Use the trust built from existing collaborations. This helped Franklin-McKinley School District in San Jose, Calif., win one of two available state grants to get pre-K funding for the coming school year. Superintendent (and former kindergarten teacher) Larry Aceves says that the central office, a converted warehouse, serves as a rent-free training center for Head Start, which is opening up its programs to all children as part of the grant. Also housed there are a free dental and health clinic, social service agencies and public meeting rooms. "It's a great collaboration vehicle because we give it to them rent-free and they provide services for us which we otherwise wouldn't get," Aceves says.

Open up your professional development activities to private providers. In Syracuse, providers who apply to be part of the district universal pre-K program must agree to use both the system's curriculum and professional development. Benejan points out that because teachers in the district and the community have the same challenges, sharing in-service days and conferences makes sense.

Money Talks

Challenge: In tough economic times, "every dollar is being competed for," says Michael Frechette, superintendent of Norwich (Conn.) Public Schools. "Throwing new programs in is a difficult sell"-especially programs that aren't mandated. Often, districts also have to reapply for funding to allow pre-K programs to continue.

Solutions: Be proactive in educating the district about pre-K. "My main job is that I have to sell the programs," Aceves says. "If you give the message loud and clear [to the school board, parents, legislators and other stakeholders], private funders will listen," he says.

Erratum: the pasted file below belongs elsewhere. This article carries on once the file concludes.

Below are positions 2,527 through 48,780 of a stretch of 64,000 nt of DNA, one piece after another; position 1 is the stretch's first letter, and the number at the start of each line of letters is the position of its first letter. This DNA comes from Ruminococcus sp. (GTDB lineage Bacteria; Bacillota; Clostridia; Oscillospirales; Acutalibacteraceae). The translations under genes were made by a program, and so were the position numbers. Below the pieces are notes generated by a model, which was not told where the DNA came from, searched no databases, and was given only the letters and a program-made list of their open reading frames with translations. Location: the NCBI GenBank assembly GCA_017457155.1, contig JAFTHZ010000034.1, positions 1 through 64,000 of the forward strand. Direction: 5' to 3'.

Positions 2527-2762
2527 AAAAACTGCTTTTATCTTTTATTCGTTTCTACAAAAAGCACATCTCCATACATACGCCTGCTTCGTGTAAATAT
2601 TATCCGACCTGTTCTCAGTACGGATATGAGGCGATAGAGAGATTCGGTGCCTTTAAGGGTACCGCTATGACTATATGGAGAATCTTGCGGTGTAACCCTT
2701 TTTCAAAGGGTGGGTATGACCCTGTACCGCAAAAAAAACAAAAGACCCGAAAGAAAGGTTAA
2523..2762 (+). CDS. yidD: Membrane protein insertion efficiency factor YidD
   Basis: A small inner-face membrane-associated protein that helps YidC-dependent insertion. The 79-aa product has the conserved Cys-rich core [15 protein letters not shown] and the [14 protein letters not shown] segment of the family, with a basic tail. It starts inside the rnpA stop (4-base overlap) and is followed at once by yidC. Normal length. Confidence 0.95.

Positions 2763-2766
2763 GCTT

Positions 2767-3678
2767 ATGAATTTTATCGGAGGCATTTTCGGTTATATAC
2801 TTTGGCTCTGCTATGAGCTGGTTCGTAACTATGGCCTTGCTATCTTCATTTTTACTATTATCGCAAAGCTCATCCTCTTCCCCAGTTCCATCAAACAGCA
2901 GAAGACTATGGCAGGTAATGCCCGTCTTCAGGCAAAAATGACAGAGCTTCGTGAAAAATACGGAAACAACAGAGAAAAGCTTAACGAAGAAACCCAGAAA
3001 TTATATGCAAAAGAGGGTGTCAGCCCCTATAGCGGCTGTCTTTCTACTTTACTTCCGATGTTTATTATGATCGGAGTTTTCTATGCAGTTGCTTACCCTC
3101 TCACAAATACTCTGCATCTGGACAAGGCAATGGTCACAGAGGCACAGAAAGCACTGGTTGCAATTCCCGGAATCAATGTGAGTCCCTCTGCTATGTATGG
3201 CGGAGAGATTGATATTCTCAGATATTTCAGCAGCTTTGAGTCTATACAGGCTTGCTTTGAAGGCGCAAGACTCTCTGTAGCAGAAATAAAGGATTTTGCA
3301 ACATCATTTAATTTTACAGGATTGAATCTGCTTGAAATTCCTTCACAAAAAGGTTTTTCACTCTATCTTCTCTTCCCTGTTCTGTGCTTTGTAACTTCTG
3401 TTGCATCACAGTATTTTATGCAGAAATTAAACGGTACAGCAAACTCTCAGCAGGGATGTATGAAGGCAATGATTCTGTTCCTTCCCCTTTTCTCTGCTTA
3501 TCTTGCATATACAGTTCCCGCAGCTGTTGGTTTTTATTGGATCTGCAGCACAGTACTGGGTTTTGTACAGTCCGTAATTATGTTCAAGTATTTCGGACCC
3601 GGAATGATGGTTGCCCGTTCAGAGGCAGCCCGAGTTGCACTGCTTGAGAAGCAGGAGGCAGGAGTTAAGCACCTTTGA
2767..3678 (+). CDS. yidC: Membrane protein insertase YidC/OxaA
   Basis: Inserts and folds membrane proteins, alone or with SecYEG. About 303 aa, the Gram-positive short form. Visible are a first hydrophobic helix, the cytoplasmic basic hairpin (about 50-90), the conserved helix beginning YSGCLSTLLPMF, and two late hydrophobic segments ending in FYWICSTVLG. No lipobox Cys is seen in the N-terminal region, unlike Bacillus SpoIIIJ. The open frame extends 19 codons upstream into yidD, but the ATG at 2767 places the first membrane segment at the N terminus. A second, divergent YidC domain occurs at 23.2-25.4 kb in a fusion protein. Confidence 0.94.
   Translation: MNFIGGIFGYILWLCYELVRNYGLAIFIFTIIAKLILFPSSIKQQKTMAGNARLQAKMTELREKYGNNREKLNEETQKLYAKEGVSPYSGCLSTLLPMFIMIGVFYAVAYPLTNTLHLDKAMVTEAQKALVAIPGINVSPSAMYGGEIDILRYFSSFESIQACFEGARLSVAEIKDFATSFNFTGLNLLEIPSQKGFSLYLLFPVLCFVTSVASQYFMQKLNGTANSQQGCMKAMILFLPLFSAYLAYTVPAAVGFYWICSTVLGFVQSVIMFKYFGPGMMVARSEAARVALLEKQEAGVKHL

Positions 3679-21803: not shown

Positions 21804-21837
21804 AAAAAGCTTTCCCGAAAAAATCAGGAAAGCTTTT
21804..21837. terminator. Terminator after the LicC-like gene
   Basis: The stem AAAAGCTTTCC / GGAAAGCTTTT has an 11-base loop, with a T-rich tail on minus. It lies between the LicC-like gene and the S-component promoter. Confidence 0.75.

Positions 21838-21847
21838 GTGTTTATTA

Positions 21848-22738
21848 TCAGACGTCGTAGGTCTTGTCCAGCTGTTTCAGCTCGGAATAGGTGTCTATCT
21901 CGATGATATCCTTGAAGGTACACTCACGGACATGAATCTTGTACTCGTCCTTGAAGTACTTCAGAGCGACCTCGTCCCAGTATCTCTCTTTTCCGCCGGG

In Ramapo Central School District in Hillburn, N.Y., which is in the process of implementing full-day pre-K and kindergarten programs, sharing the research was important in getting a mill levy for new construction passed. Superintendent Robert MacNaughton says his brain-research presentation for teacher groups has also helped in gaining support. "If you start having your school system become aware of [the research], it's amazing how many people start to pick up on an article or news report [and share their findings]." And Frechette, a former preschool special education teacher, provided the Norwich leadership team "with a binder many inches thick" containing research on early intervention.

Seek a variety of funding sources. These can range from national and state grants to collaborations with Head Start and other local programs. "Superintendents have to be willing to take risks, particularly because some of the funding is not stable," Benejan says. "Try something new, something different, something non-traditional." For example, administrators in Elgin (Ill.) School District U-46 applied for funding for the various blends of students who would benefit from the pre-K program, such as special education, at-risk and bilingual, says Superintendent Marvin Edwards.

When you think you've exhausted the funding possibilities, keep searching. "Teachers, principals and superintendents say, 'We're doing the best we can with what we're getting in the front door.' My answer to that is that we've got to get off the front steps of our schools," McNulty says. Have you really dug up every grant opportunity? Have you considered all non-traditional forms of funding?